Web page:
Italian protester climbs St Peter's Basilica -- again

Italian protester climbs St Peter's Basilica -- again
A man known as Marcello Di Finizio stands on the ledge of St Peter's facade to protest against the so-called Bolkestein directive on December 21, 2014 at the Vatican. The Bolkestein directive is an EU directive aimed at opening up Europe's services sector to cross-border competition.

VATICAN CITY - A disgruntled Italian entrepreneur on Sunday climbed the facade of St Peter's Basilica in an anti-EU protest, marking the fifth time the man has scaled the ornate building to highlight his country's economic woes.

The man, identified as Marcello di Finizio, perched on a ledge some 80 metres (260 feet) above the ground, securing himself with a rope tied to a statue, an AFP journalist saw.

Di Finizio was demonstrating against a European Union directive that will see Italy auction off licences to run businesses on the seafront. He claims the measure threatens the survival of his beach club near Trieste in northeast Italy.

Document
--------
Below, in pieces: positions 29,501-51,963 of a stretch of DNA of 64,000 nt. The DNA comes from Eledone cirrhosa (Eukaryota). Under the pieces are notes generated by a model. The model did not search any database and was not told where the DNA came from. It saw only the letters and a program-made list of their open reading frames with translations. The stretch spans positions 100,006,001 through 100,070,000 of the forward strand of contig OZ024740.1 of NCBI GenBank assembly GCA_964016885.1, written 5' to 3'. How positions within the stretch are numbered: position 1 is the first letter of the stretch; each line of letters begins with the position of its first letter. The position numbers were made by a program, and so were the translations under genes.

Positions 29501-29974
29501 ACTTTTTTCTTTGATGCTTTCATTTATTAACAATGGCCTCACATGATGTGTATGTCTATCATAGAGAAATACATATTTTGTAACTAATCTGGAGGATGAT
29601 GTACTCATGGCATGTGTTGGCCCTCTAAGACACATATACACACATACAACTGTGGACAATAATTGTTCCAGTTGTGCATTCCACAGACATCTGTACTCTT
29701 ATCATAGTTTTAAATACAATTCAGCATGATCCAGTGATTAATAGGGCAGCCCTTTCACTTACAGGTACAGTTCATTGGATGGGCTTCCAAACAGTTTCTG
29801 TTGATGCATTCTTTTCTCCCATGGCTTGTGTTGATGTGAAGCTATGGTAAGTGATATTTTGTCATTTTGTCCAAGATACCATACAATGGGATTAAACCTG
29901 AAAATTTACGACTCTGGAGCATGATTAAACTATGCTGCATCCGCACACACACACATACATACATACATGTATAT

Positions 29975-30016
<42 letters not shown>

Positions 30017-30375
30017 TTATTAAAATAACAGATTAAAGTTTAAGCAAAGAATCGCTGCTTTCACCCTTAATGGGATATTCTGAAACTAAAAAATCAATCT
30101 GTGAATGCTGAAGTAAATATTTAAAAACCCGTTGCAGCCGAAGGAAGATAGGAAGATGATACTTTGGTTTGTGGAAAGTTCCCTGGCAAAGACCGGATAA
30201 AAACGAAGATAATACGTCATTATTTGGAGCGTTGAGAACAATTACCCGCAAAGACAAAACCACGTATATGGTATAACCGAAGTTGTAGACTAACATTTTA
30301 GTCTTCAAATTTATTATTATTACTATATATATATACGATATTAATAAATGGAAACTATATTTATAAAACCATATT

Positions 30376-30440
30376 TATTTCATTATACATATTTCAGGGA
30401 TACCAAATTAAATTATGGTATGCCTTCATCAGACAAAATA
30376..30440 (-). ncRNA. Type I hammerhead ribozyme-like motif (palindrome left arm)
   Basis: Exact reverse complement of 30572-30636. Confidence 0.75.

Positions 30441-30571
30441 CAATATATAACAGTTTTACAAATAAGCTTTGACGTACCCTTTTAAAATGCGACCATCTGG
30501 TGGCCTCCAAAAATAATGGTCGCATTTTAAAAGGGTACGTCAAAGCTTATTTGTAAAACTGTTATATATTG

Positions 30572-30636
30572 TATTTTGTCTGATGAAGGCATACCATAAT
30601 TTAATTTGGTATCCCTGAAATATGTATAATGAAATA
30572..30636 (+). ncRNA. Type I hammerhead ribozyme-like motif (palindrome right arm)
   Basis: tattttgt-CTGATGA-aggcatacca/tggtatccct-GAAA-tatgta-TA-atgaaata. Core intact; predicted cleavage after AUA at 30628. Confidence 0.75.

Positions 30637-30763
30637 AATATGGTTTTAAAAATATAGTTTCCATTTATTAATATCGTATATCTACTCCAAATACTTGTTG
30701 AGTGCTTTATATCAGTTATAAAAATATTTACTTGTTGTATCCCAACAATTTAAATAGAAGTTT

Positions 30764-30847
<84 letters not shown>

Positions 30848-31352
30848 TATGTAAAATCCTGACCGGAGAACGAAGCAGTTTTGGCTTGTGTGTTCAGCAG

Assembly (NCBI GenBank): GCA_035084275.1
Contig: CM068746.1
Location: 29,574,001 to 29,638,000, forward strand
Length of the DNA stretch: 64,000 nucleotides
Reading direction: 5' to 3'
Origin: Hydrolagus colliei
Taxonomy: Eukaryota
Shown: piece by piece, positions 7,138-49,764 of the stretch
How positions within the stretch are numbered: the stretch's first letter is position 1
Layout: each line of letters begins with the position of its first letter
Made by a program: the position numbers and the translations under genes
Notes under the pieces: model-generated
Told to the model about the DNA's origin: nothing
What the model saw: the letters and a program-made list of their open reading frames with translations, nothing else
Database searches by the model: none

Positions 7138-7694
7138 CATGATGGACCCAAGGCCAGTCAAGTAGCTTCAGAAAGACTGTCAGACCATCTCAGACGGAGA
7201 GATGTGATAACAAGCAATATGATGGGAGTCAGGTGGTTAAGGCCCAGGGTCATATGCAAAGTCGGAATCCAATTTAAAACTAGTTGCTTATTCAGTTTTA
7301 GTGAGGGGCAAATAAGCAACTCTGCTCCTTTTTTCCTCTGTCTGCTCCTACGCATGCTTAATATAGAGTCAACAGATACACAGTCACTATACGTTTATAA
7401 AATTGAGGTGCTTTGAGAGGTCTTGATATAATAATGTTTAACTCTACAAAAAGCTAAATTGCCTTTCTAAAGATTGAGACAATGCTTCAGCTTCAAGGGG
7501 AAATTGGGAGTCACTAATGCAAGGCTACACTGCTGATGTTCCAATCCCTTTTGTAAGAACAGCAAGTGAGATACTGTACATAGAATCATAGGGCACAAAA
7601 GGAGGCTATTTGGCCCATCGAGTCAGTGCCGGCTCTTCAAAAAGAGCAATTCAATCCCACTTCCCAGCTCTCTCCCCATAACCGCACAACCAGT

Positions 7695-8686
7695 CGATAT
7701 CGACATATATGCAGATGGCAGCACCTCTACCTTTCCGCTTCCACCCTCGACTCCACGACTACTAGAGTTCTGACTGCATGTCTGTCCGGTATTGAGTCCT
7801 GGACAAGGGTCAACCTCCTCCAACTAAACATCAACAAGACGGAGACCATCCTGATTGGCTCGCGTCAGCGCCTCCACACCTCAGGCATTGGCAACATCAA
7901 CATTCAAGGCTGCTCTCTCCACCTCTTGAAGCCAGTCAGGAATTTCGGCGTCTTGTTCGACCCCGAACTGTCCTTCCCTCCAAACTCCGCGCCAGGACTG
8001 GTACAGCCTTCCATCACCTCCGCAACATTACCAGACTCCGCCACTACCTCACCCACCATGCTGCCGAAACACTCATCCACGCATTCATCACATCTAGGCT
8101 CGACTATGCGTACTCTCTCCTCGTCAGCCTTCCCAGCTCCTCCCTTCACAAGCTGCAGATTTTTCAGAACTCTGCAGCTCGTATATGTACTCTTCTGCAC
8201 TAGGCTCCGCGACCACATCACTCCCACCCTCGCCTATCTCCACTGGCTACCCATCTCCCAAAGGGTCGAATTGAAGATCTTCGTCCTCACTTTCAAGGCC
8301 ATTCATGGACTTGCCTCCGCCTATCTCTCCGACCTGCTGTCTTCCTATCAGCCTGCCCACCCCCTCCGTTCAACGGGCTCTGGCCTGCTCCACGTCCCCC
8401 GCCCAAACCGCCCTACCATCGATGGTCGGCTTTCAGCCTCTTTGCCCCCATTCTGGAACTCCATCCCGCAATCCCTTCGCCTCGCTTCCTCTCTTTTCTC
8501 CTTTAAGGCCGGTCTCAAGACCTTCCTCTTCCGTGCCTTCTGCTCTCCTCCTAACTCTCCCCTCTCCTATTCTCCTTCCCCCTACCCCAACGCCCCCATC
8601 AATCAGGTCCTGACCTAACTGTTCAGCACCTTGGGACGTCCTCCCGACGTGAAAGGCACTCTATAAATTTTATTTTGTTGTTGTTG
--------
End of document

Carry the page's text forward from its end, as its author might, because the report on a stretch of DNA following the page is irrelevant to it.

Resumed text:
In other protests in recent years, Di Finizio managed to climb onto the basilica's famed dome at the Vatican on four separate occasions.

In 2012, he remained perilously perched on the cupola for 24 hours before firefighters brought him down. At the time, he was protesting against austerity measures in the recession-hit country.

Earlier this year, he spent 80 days atop a crane in the city of Trieste.

More about

Vatican
Purchase this article for republication.

BRANDINSIDER

SPONSORED

Most Read

Your daily good stuff - AsiaOne stories delivered straight to your inbox
By signing up, you agree to our Privacy policy and Terms and Conditions.